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Man laying  monitoring his sleep night with app.

How to Read Your Sleep Report on FitBit & Similar Devices

By:
Emily Messer

If you have a FitBit or similar device, it can track your sleep and give you a report each morning. Even if you don't have a Fitbit, there are many apps for smartphones that do the same thing. But how do you make sense of the peaks and valleys of that graph in your sleep report?

Here are some tips and benchmarks to help you make sense of it all.

Sleep Cycle Basics

There are two basic types of sleep: REM (which stands for rapid eye movement) and NREM (non-rapid eye movement). In a typical night, you should cycle between the two about every 90 minutes. In one night, you should go through three to six cycles.

Here's where it gets a little tricky. Within that NREM sleep, there are three phases.

  • N1 is that state between wakefulness and falling asleep. This is when you may feel sudden muscle movement and falling sensations.
  • N2 is the onset of light sleep when your body temperature drops, breathing and heart rate become regular, and you disengage from your surroundings.
  • N3 is also named "slow-wave sleep" for the slow delta waves the brain produces during this stage. N3 is the deepest and most restorative sleep. During this phase, your blood pressure drops, breathing slows, muscles relax, hormones release, and blood flow to the muscles increases for tissue growth and repair.

Together, these three stages should constitute about 75 percent of your night, beginning when you first start to fall asleep. The other 25 percent of your time asleep should be in REM sleep.

REM sleep provides energy to the brain to support your daytime activities, but this is also when your brain is active and dreaming. Your eyes dart back and forth under their lids and the body becomes immobile as the muscles "turn off" and relax.

It is during the first third of the night that you get the most slow-wave, or deep, sleep. Most REM sleep occurs in the final third of the night.

It is normal for healthy sleepers to wake up to 10 times each hour of sleep for very short, second-long periods. These are typically forgotten by morning, unless they last for a longer period, maybe a few minutes, or something unusual occurs.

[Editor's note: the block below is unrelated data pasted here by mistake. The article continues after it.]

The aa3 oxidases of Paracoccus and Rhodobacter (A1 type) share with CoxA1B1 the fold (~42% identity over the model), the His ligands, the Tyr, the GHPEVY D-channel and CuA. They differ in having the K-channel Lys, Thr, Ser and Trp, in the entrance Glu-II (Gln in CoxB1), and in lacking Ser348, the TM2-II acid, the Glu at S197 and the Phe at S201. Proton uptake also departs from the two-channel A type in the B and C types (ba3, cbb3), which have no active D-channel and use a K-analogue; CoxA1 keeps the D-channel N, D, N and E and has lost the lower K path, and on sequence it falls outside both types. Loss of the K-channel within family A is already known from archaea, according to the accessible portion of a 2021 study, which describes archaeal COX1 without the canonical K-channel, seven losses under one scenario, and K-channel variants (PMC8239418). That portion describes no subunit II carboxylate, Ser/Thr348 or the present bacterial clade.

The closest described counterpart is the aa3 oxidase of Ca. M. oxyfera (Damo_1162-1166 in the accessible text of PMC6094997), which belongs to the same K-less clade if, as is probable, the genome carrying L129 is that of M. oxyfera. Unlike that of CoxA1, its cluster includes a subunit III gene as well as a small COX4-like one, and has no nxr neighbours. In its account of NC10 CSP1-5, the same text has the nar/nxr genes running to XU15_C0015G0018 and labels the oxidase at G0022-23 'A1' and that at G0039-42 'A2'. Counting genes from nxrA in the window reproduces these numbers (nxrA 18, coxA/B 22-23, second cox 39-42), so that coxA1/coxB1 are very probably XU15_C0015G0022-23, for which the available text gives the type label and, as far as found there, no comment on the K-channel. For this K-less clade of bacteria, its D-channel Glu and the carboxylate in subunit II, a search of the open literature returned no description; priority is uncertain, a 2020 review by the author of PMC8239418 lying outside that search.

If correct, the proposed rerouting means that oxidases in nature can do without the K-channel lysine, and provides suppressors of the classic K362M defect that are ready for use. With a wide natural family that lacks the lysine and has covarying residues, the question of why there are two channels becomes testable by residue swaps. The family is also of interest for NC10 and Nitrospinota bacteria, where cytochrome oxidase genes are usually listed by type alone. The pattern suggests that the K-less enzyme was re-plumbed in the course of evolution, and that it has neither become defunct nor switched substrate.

About Each Sleep Cycle

Light sleep is when you process memories and emotions and your metabolism regulates itself. This is the maintenance phase of sleep.

Deep sleep, or N3, is all about the body. Your body uses the hormones released and increased blood flow to repair and rebuild on the cellular level. Deep sleep is directly related to sleep need; the longer you are awake, the more deep sleep you will need that night. This is also the rest that strengthens your immune system.

The brain is very active during REM sleep. REM sleep is integral for memory, cognition, and mood regulation. Your body, however, is effectively paralyzed.

So, How Does This Look on Your FitBit Report?

Light sleep will likely take up 50 to 60 percent of your night, though these numbers don't really affect how you feel. It's essentially just the time that isn't spent in deep sleep or REM.

Deep sleep should be 10 to 25 percent of your night. The older you are, the less you need, but you can't get too much.

REM sleep should be 20 to 25 percent of your night. Since most REM happens towards the end of the night, if you cut your sleep short or wake up too early, you're losing out on REM.

Too much REM sleep can cause your brain to be overactivated and result in irritability or exacerbated symptoms of depression and anxiety. It's not waking up on the wrong side of the bed so much as the wrong side of the REM!

Sources

"Meta-analysis of quantitative sleep parameters from childhood to old age in healthy individuals: Developing normative sleep values across the human lifespan" by Maurice M. Ohayon, Sleepwww.academic.oup.com, 10/1/14

"REM, light, deep: How much of each stage of sleep are you getting?" by Danielle Kosecki, www.fitbit.com, 9/19/18

The Sleep Disorders, by National Sleep Foundation ($0.00, sleepdisorders.sleepfoundation.org, 2019)

"What happens when you sleep?" by National Sleep Foundation, www.sleepfoundation.org